Secrets for Our Daughters (and When to Fire Your Doctor)

The United State of Women “Healthy Women. Healthy Families.” summit in Washington D.C. didn’t focus specifically on perimenopausal and menopausal women, yet my conversation with attendee Marta Hill Gray naturally circled around to the topic of women, aging, and sexuality.

Marta, a women’s health advocate, worked behind the scenes to promote “pink viagra,” and she continues to be an insightful observer of women’s issues.

What have you observed about society’s view of women beyond the childbearing years?

As women age, society says we are supposed to suck it up and get on with it, but that doesn’t mean we are healthy and actually taking care of ourselves. For so many women, when you get to menopause no one has taken time to tell us what to expect.

After attending the event, what advice do you have for my readers?

Talk to daughters, sisters, nieces, and friends about the changes that are coming.Younger women need to know the time will come to a time when their bodies are going to change. As older women, we need to talk to daughters, sisters, nieces, and friends about the changes that are coming. Let them know that once you have your babies, it’s not over. We should really mentor them in being diligent about their bodies, so they ask better questions and they’re smarter than we were.  

Your mom may tell you about having their period but not about menopause… It is a big deal. And women need to know there are doctors like you, menopause providers, who can make it manageable, who can give you treatment options and care and guidance so you move through it gracefully.

Not all doctors are comfortable with women in menopause.

That’s true. And if you don’t have health care providers you can talk to you, you need to fire them and find one you can talk to. Yes, you can fire your doctor, it’s all right! Just because they wear a white lab coat doesn’t mean they know how to help. You should be able to comfortably discuss any topic including bowel movements, urine, sexuality … all of that is important.

There seems to be more openness to talking about sexuality and sexual health today than when I began my practice.

I agree. The fact is that we’re living longer, we look better, and we are more involved than previous generations of women our age.

We're living longer and are more involved than previous generations.It is such a life-affirming thing to be a sexual creature, yet so many women have painful intercourse, and then they shut down, which can hurt relationships. I think that women going through menopause should definitely be able to depend on their health care provider to give them information and tools to overcome the challenges. It is different for everybody and, just as it is when you’re younger, it is very personal. A lot of women don’t know they have options and choices.

Women’s health and women’s sexual health isn’t behind the curtain anymore. It is being forced out on the table partially by the fact that our world is smaller and we know so much about girls as slaves, genital cutting, sexually transmitted diseases... everything is discussed and it will continue to be so discussed because these are facts. It’s an open discussion now, and the word vagina can be said. Women make up 50 percent of the population, and we are full citizens.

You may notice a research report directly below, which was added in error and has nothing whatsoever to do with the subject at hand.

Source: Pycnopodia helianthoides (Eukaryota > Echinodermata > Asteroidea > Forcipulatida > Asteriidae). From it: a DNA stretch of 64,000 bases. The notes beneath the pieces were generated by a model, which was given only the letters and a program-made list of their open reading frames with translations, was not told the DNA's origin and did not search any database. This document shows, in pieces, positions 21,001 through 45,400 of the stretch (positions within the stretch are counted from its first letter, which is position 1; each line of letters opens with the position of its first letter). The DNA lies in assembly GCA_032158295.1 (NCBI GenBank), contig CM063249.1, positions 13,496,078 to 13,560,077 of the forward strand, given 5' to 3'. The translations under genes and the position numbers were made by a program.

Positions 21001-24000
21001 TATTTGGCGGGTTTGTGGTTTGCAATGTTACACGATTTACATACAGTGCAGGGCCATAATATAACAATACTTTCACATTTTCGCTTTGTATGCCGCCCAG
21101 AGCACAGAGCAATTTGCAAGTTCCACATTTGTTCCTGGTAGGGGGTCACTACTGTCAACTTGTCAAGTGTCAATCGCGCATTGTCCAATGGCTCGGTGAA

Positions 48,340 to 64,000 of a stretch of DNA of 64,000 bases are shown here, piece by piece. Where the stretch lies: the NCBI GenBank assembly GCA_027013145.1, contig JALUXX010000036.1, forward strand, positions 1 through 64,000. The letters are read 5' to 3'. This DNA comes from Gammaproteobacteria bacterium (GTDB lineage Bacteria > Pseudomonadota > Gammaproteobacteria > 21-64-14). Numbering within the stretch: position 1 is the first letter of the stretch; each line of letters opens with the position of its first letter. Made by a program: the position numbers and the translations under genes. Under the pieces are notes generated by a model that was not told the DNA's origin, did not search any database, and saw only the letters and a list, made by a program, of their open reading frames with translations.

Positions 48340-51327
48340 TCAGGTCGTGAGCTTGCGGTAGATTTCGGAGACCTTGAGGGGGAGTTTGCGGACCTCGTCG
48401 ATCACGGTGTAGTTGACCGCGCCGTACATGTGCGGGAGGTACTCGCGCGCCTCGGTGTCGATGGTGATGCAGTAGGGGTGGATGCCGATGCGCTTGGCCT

Younger women are leading the charge and they will not be denied. They have no fear. I think it’s fantastic, and it’s going to get better and better.

July 25, 2016

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Women’s Health: We Won’t Be Denied

You can't talk about women's empowerment without talking about health.My good friend and women’s health advocate Marta Hill Gray recently attended the first summit of The United State of Women, a gender equality movement with high-profile support from Michelle Obama, Warren Buffet, Oprah, Meryl Streep, Amy Poehler and other well-known celebrities. (To learn more, watch this two-minute film.) Naturally I was interested (and very curious) to hear all about this event, which was convened by the White House in Washington D.C. Here are highlights of my recent conversation with Marta:

I understand the topic of this summit was ‘Healthy Women, Healthy Families.’

Yes, you can’t talk about women’s empowerment in any fashion without talking about their health—it’s one and the same, and it hasn’t been given enough attention and respect. It was exciting to see 5,000 women who took time to fly from around the world for this event.

It was a tsunami of attention around women’s issues.

What was your main take-away?

There was a lot of sizzle with big-name celebrities… but more importantly, it really put a spotlight on younger women who are dedicating their lives to women’s issues

Millennials are really stepping up and very much engaged in ways we may not have been at that age. The younger women are leading the charge and they will not be denied. They have no fear. I just think it’s fantastic, and I think it’s going to get better and better.

What kinds of speakers did you encounter?

I saw some wonderful health care professionals who are working with underserved communities, helping women get the support and education they need, and helping them understand their rights are in terms of pregnancy, treatment options and even what insurance will (and will not) cover.

For example, The Women’s Law Center spends all of their time answering the phone and explaining to women what their rights are, like the right of all women to have breast reconstruction surgery after a mastectomy.

Those are the kinds of things that many of us take for granted, but not all women get the same information or the same treatment.